The G1 (gap 1) phase is the time of cell growth just following cell division. New cells are metabolically very active and are synthesizing RNA and new proteins. Some cells go into an extended G1 phase and rarely ever divide again—this is called a G0 phase. Nerve cells, for example, are very active and important cells but tend to remain in G0 phase for extended periods of time.

From the G1 phase, most cells enter the S (synthesis) phase. In the S phase, an exact copy of DNA is made in the nucleus of the cell. Replication of the DNA ensures that a complete and identical set of genes is available for each new offspring cell following cell division. The S phase is typically the longest phase of interphase.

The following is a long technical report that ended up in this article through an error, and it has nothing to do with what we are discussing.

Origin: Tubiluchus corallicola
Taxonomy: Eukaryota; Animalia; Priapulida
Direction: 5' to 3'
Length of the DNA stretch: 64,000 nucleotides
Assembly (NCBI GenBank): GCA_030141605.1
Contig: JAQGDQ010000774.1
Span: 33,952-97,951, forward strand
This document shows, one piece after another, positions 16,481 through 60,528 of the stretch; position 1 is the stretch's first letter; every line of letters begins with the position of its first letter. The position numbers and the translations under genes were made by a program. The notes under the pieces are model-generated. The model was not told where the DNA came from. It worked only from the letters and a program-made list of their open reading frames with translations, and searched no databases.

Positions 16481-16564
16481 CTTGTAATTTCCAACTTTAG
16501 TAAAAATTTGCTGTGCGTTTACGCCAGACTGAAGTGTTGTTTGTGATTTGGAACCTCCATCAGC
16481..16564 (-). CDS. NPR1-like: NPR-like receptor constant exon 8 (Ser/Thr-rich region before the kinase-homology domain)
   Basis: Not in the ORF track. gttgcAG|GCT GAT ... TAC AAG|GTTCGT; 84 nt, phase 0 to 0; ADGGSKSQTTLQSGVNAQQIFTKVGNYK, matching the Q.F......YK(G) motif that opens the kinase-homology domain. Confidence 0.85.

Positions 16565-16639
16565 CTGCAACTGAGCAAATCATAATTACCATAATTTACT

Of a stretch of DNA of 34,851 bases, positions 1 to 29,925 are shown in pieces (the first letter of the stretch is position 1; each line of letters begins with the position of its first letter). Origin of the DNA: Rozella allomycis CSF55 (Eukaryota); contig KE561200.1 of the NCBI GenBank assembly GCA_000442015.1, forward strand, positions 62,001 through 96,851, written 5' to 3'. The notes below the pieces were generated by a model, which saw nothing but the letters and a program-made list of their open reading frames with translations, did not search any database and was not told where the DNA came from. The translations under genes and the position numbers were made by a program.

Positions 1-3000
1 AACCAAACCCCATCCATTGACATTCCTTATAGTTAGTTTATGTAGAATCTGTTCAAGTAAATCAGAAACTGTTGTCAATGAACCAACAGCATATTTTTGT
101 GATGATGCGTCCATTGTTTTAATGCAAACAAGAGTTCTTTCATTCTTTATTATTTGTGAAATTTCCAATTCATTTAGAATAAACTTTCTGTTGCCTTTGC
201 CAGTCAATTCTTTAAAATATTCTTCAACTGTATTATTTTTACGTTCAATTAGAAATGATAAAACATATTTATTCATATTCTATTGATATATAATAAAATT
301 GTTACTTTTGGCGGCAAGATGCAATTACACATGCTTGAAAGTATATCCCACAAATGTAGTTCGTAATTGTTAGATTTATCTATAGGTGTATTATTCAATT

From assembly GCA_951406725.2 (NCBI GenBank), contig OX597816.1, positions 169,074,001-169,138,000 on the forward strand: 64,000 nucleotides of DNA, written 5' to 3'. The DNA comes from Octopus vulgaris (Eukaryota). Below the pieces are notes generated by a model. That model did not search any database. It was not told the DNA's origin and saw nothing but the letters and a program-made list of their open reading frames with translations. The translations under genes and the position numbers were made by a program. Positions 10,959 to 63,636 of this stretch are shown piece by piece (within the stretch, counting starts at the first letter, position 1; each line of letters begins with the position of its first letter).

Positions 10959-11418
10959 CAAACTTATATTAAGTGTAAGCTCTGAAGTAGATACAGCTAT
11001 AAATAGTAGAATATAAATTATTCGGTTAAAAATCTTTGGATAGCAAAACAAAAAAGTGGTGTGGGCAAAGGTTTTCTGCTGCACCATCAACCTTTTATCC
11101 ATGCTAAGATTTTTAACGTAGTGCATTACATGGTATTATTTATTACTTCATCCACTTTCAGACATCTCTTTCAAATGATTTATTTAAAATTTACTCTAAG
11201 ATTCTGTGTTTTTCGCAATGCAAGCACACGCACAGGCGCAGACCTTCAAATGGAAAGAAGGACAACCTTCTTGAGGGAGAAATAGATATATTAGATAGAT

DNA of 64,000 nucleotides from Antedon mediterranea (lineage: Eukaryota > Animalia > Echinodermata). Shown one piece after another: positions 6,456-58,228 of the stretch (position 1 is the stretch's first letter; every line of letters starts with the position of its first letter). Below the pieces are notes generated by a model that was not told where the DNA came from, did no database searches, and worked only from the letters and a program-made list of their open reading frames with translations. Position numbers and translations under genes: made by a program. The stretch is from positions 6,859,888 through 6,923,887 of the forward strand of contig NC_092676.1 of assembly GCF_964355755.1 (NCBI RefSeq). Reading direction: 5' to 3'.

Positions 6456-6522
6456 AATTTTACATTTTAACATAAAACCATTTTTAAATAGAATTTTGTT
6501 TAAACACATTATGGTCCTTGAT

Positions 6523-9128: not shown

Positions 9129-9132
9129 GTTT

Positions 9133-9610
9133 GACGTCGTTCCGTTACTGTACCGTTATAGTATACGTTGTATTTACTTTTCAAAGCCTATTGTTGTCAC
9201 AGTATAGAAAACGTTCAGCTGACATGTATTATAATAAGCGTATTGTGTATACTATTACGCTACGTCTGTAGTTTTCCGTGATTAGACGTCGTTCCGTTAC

G2 (gap 2) is the phase of growth and metabolism occurring after the S phase. The synthesis of protein, RNA and other macromolecules continues as the cell prepares to divide. (See Figure 1 and compare differences in size of each phase.) Because the DNA replicates in the S phase, a cell in G2 has twice as much DNA in its nucleus than in G1.

The M phase occurs after G2 and is easily identified because it is the only phase in which the chromosomes are visible with a light microscope. Mitosis is nuclear division in which the replicated chromosomes separate to form two nuclei from one. In most cells, mitosis (nuclear division) is followed quickly by cytokinesis (cell division) of the parent cell into two offspring cells completing the M phase. After the M phase, each offspring cell enters G1, and the cycle continues.


Hydrochloric acid, HCl, 1 M, 2–drops